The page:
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HIp Dysplasia
My daughter was treated from day 2 with Congenital hip dysplasia using Pavloc Harness.  She is now 6 and walks incredibly pigeon toed with legs turning inward.  Is there any way to correct this?
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Have you asked the doctors that treated her. Maybe see a orthopeadic surgeon.
You are so lucky it was picked up so early. My daughter was 2.1/2 when we found out. She has had six operations  (four of them being 3hrs long) and months in plaster. She is now 6yrs and is doing well. We go back in November for a checkup and hopefully that is the end of it.
Sorry I cant help about the pigeon toes but good luck
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i have congenital hip disorder.  i was born with it and diagnosed at 6 months of age. my leg turns slightly out and is slightly shorter than the other.  (small limp, but not very noticeable). i had my first operation at 1 year.  i have had 13 operations since to try to correct it.  i am now 31.  unfortunately, this is NOT correctable.  i was told i could receive a new hip after the age of 35.  i recently went to the OB and she said if i want to conceive to do it NOW, because it may be harder for someone with my condition to wait.  i AM trying to get pregnant.  no luck yet.   good luck to you and your daughter.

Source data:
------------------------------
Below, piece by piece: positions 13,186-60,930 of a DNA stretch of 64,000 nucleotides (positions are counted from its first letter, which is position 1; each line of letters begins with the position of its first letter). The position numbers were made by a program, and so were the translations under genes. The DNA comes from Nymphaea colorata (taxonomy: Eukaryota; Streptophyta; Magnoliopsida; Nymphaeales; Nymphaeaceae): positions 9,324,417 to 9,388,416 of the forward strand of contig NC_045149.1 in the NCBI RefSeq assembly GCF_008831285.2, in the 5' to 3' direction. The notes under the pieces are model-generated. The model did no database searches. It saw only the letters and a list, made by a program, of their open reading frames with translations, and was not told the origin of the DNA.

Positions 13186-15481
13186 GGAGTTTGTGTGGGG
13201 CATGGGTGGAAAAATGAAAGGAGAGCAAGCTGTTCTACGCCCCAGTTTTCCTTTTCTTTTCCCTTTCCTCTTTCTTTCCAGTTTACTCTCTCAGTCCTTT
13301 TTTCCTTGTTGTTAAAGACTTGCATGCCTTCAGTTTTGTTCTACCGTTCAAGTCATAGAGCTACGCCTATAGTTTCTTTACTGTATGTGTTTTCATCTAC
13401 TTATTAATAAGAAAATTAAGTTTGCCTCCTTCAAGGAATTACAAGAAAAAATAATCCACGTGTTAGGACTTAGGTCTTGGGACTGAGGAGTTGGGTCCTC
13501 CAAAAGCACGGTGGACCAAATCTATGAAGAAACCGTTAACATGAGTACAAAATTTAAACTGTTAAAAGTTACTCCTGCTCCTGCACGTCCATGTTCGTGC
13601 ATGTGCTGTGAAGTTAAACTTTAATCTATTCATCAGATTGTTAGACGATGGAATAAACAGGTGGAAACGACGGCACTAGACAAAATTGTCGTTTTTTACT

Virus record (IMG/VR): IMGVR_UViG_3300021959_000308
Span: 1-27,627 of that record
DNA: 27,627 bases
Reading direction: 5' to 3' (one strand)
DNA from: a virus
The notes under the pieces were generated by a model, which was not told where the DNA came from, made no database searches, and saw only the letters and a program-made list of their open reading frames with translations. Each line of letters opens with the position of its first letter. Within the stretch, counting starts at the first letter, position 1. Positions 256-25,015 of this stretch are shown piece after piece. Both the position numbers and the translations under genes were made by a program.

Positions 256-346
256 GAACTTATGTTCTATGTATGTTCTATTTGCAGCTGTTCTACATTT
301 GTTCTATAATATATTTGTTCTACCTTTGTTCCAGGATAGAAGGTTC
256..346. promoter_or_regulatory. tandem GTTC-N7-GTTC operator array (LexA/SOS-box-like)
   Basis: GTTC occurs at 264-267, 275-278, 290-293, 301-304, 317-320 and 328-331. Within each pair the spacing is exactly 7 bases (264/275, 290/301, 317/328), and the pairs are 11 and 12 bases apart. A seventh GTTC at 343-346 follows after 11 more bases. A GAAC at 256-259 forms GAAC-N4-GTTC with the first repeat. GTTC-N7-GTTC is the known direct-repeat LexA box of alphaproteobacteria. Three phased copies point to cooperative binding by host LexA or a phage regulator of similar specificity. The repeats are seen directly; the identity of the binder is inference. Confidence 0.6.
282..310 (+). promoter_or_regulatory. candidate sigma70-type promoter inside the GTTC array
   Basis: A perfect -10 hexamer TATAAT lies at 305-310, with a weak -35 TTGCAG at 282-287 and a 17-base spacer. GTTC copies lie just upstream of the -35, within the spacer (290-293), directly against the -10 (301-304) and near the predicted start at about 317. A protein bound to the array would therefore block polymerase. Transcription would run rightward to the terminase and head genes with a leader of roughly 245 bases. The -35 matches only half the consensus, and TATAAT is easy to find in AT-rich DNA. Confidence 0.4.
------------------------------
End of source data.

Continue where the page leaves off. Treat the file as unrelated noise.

also, i have very irregular periods.  i used to get my period 3 times a year.  my doctor says that is ok.  but for some reason in the past 2 years i have been on a 30-55 day cycle.  I have my period now, and it was a 28 days since my last. very weird for me.  
i am using a ovulation stick to try to predict, but i usually know when i ovulate, cuz i can feel it.  we'll see.  good luck to you all.
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I did peds ortho for a few years (I'm a RN). As a gernal rule the only way to treat the toes turning in is very painful expensive surgery. The position of the feet are determined by either the hip, femur (thigh bone), or tibia (calf bone). All of which are too strong to brace to achieve correction. If your child is falling over her feet often then it may be worth investigating treatment. Otherwise it may be best to leave it alone and hope that futre growth helps correct things some. However, a visit with a doctor is by all meas warrented if you are concerned.
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